Leilani Wells of the Christian Performing Artists Fellowship, hosts of the MasterWorks Festival
, is writing an article about my work. She asked a followup question which I thought I would post: "How did you become interested in Eric Liddell's story?"
Eric Liddell's story was actually the first one that I wanted to do as a one-man play. I was a runner as a young man and was profoundly inspired by Chariots of Fire on several levels: The running is obvious, though I was a distance man (1500m, 3k, 5k for cross-country, and in college the steeplechase). I was also inspired as a believer. I read one of the biographies on Liddell when I was in high school, and rereading them it was amazing to discover some of the principles upon which I've based my life washing over me afresh. My grandparents were missionaries to Kenya, so I grew up wanting to be a missionary. Finally, I ran a race in China when I was in high school. Okay, here's another: Liddell's leap aboard the ferry after it left the dock was one of the images that kept driving me back to the idea of doing a play about him. Now that scene has been edited out, except for a reference to it, but it sure will be grand on the big screen some day.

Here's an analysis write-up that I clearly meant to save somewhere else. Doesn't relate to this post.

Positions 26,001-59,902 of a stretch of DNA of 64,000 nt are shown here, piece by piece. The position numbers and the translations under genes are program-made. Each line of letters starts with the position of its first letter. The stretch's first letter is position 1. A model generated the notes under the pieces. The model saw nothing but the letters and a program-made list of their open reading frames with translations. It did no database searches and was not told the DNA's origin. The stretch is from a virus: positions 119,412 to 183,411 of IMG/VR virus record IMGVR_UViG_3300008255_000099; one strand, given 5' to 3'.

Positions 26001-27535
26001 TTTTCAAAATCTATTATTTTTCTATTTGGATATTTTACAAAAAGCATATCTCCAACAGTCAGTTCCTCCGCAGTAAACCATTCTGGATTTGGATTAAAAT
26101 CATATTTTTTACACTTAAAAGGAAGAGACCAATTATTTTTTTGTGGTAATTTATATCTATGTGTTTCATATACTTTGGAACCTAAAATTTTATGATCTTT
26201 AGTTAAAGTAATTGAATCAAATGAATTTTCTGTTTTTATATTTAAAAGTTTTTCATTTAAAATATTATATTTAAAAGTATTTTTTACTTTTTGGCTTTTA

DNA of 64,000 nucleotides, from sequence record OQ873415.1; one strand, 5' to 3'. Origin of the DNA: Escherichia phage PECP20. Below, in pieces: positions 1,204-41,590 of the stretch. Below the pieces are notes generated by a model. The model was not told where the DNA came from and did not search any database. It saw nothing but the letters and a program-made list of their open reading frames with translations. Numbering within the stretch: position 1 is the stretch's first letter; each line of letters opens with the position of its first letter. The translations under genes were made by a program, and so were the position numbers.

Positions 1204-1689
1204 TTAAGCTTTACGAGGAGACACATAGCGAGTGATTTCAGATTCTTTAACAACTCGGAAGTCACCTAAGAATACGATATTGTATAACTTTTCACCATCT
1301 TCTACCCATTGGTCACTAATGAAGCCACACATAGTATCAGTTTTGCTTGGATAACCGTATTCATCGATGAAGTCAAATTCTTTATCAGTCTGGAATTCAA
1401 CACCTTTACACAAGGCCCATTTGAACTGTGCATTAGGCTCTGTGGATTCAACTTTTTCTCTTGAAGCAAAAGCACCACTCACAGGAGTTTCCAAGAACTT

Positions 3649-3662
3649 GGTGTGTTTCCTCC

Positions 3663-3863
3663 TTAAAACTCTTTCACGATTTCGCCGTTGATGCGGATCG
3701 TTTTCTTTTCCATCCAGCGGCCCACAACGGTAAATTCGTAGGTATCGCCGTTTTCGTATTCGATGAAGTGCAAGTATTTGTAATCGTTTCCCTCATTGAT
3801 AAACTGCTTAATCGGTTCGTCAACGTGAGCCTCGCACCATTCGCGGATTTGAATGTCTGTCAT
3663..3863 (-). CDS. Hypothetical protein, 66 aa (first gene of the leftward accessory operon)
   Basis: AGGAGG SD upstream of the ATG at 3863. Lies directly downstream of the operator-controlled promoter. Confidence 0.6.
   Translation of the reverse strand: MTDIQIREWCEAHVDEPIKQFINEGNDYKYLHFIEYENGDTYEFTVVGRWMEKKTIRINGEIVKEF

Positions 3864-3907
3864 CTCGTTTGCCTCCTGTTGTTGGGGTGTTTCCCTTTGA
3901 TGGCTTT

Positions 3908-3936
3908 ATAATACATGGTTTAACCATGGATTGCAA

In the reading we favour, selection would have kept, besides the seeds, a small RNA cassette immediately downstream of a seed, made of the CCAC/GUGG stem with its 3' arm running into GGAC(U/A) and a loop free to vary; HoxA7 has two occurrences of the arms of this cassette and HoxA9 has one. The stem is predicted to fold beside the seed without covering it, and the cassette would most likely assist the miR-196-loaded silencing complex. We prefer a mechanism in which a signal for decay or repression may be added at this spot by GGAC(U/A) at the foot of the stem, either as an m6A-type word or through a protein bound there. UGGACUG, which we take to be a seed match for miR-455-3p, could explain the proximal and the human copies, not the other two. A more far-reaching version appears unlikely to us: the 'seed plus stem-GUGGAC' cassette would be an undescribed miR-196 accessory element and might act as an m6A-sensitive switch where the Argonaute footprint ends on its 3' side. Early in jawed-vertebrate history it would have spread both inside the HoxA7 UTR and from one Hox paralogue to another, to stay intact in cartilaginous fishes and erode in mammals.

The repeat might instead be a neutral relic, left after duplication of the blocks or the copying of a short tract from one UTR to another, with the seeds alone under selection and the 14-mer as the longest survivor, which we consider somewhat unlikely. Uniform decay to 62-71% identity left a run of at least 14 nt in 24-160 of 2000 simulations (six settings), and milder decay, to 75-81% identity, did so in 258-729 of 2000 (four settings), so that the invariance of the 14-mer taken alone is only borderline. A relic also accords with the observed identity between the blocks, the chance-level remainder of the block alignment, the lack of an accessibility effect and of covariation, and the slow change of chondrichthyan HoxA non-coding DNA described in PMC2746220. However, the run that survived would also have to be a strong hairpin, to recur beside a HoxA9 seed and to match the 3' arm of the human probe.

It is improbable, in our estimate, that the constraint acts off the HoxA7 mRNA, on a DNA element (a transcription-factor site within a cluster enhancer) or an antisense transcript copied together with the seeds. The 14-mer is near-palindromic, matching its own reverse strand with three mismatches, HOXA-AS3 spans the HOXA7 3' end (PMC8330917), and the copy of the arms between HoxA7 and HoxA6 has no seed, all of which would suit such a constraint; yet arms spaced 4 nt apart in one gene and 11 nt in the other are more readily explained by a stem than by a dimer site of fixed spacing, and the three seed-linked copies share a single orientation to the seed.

So why didn't I start with Liddell? I went for the sure thing: the story of John Woolman. He's not exactly a household name, but he is to Quakers and that's where all my contacts were when I first got started, and I'm still performing A Clear Leading
from time to time. Several other projects were assigned to me or pressed their way to the front of the line (ie Five Bells for 9/11
and a Christmas play, Views of the Manger).
So in 2000, Joyce and I were on our 4th Honeymoon in Edinburgh. They aren't always as exotic as Edinburgh, but that year we were able to tack it onto a business trip that she took and a 16 city tour of England that I had just finished. There we visited the Eric Liddell Centre, but it was closed. It is on what is known as Holy Corner. There is a church on every corner, and the Eric Liddell Centre is built in one of them. We decided to attend one of the existing three churches the next morning and "just happened" to attend the one where Eric Liddell taught Sunday school while he was attending the University of Edinburgh. There we met his niece, Dr. Peggy Judge. She spent much of the next day with us at the centre named after her uncle. We sorted through out of print books, pictures, memorabilia, etc.
Unfortunately I returned to a busy schedule and other pressing projects and didn't start work on the play (except for copious notes) until four years later. The next stage of the story is told on my blog, posted April 16, 2006